Skip to main content

The Egyptian-Czech Archaeological Mission uncovered remains of King Ramses II Temple







The Egyptian-Czech Archaeological Mission uncovered remains of King Ramses II Temple during the excavation works carried out at Abusir South of Cairo !

 the discovery comes after the mission had found in 2012 archaeological evidences that shows the existence of a temple in this area, a fact that encourages the mission to resume its excavations in this area and the neighborhood along the last four years.

the  temple is 32 x 51 meters wide and consists of mud brick foundations of one of its pylons, a large forecourt that leads to the pillars hall which parts of its halls are painted in blue.

At the rear end of the court, the mission found a staircase or a ramp leading to a sanctuary whose back part is divided into three parallel chambers. The remains of this building were covered with by huge deposits of sand and chips of stones of which may bore fragments of polychrome reliefs.


the different titles of King Ramses II were found engraved on a relief fragments which is connected to the cult of the solar deities.

In addition, relief fragments depicting scenes of the solar gods ”Amun”, "Ra and Nekhbet”
, this temple is the only evidence of the  King Ramses II presence in Memphis necropolis and confirms at the same time the continuation of the worshiping of the sun god "Ra" in the region of Abu Sir, which began since the 5th dynasty and continued until the era of the New Kingdom. 


 

If you are Looking for a great Day tour in Cairo please check our website :
or just Drop an Email : info@egyptraveluxe.com

Comments

Popular posts from this blog

How ancient Egyptians Were cutting the Obelisk from the Granite quarry?

Today, quarrymen cut and carve granite using saws with diamond-edged blades and steel chisels.

But ancient Egyptian quarrymen and stonemasons didn't have these modern tools. How, then, did they quarry and cut such clean lines in their obelisks and other monumental statuary?
To find out how ancient Egyptians quarried huge pieces of granite for their obelisks, i traveled to an ancient quarry in Aswan, located 500 miles south of Cairo. This is where the ancient Egyptians found many of the huge granite stones they used for their monuments and statues.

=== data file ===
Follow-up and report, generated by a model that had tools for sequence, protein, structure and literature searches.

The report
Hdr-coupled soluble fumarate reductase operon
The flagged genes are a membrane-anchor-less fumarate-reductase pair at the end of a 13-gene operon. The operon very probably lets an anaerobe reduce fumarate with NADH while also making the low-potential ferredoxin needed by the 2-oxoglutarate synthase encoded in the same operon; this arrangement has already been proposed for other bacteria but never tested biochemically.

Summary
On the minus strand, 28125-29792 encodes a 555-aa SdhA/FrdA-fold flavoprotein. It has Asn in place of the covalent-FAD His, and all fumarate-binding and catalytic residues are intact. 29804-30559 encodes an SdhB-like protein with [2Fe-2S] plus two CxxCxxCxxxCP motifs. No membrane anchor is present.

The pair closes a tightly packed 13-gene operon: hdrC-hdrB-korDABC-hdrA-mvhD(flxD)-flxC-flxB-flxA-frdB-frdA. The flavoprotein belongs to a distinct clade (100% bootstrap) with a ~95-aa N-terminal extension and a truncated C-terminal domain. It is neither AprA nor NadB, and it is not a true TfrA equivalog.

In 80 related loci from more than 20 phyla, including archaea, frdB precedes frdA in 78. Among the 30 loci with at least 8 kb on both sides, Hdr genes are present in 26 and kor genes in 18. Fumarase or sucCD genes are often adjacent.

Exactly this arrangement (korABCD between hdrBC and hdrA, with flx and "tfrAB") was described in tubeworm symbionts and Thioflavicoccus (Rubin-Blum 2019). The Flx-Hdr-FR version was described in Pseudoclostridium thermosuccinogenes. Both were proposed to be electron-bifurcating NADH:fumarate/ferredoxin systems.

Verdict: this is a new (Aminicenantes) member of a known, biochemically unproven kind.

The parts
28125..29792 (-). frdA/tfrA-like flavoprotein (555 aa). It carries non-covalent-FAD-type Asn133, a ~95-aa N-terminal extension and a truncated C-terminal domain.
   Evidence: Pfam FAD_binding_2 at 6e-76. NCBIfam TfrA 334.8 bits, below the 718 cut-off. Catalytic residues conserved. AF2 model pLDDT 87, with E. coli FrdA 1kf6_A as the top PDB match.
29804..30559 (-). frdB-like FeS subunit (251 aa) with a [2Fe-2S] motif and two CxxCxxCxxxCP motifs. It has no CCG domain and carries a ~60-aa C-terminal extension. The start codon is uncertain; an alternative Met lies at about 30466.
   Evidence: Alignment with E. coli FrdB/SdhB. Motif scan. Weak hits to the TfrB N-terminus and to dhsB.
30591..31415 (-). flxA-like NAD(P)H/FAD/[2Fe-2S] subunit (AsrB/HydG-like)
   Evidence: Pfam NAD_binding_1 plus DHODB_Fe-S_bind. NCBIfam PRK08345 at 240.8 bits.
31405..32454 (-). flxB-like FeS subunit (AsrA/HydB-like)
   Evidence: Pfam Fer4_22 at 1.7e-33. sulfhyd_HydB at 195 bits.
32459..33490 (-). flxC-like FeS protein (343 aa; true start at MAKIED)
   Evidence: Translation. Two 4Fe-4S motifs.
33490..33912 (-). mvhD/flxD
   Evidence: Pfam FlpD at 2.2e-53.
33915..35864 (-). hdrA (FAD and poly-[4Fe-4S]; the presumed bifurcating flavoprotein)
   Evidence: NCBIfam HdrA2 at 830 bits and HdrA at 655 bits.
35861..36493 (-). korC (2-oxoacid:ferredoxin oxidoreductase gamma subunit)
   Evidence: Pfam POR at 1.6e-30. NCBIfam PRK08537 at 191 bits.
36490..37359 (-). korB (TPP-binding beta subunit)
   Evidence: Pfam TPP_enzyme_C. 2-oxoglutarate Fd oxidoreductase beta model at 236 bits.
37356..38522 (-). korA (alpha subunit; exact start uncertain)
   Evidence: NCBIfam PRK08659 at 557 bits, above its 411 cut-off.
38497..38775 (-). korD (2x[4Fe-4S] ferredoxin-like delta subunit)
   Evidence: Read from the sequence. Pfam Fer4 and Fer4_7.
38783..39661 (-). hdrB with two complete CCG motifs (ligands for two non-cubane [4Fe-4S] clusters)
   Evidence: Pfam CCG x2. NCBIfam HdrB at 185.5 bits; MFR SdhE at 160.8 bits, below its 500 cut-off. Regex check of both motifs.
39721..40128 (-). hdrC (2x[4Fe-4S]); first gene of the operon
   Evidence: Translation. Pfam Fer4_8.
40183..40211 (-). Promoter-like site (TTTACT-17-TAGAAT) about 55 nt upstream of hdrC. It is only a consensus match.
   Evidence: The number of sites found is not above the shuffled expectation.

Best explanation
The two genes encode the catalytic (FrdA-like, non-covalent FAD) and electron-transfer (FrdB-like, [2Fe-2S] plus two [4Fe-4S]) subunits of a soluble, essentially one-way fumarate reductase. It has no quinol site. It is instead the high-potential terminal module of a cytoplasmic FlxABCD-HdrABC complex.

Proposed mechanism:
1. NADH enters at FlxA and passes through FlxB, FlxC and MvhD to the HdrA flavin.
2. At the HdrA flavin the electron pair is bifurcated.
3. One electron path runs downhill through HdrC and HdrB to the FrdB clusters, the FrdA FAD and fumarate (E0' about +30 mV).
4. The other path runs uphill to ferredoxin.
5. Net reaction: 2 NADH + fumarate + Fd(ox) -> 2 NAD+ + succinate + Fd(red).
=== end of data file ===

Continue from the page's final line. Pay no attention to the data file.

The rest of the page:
One of the most famous stones left behind is the Unfinished Obelisk, more than twice the size of any known obelisk ever raised. Quarrymen apparently abandoned the obelisk when fractures appeared in its sides. However, the stone, still attached to bedrock, gives important clues to how the ancients quarried granite.

Archeologist Mark Lehner, a key member of nova expedition, crouches in a granite trench that abuts one side of…

Hesi-re, the first Dentist, in ancient Egypt and in the world

Hesire was a high official who lived during the reign of Netjerikhet (Dosjer) 2686 BC to 2613 BC . His tutelary informs us of the many offices he had held during his life. Thus he was the 'overseer of the royal scribes', at the head of the royal administration of Djoser. His most spectacular title, however, was that of the 'greatest (or chief ?)of physicians and dentists'. It is not entirely clear whether this title infers that Hesire himself was honored as the greatest of physicians and dentists, or rather that he was merely responsible for the administration of physicians and dentists. But whatever the case, the distinction between 'physicians' and 'dentists' in his tutelary does show a high degree of medical specialization at this early stage of the history of Ancient Egypt..

Das Tal der Koenige

Die geographische Lage
Das Gebiet bei Theben lieferte ein vorzügliches Gebiet für das Anlegen einer königlichen Nekropole. Vom Westufer des Nils erstreckt sich eine flache Ebene zu einer Bergkette mit zahlreichen abgeschiedenen Tälern, die sich zwischen hohen Klippen und weichem Gestein durchschlängeln. Die Ebene eignete sich ideal für das Errichten der königlichen Totentempel. Die Täler hingegen boten genügend Platz, um viele kunstvoll in den Fels gehauene Gräber anzulegen. Auch aus symbolischen Gründen wählten die Alten Ägypter diesen Platz für das Errichten einer Nekropole. Blickt man von der Stadt Theben über den Nil auf das thebanische Bergmassiv, dann ähnelt es in der Gestalt einer riesigen Version der Hieroglyphe für "Horizont". Es ist das ägyptische Symbol für das Gebiet der auf- und untergehenden Sonne. Im Neuen…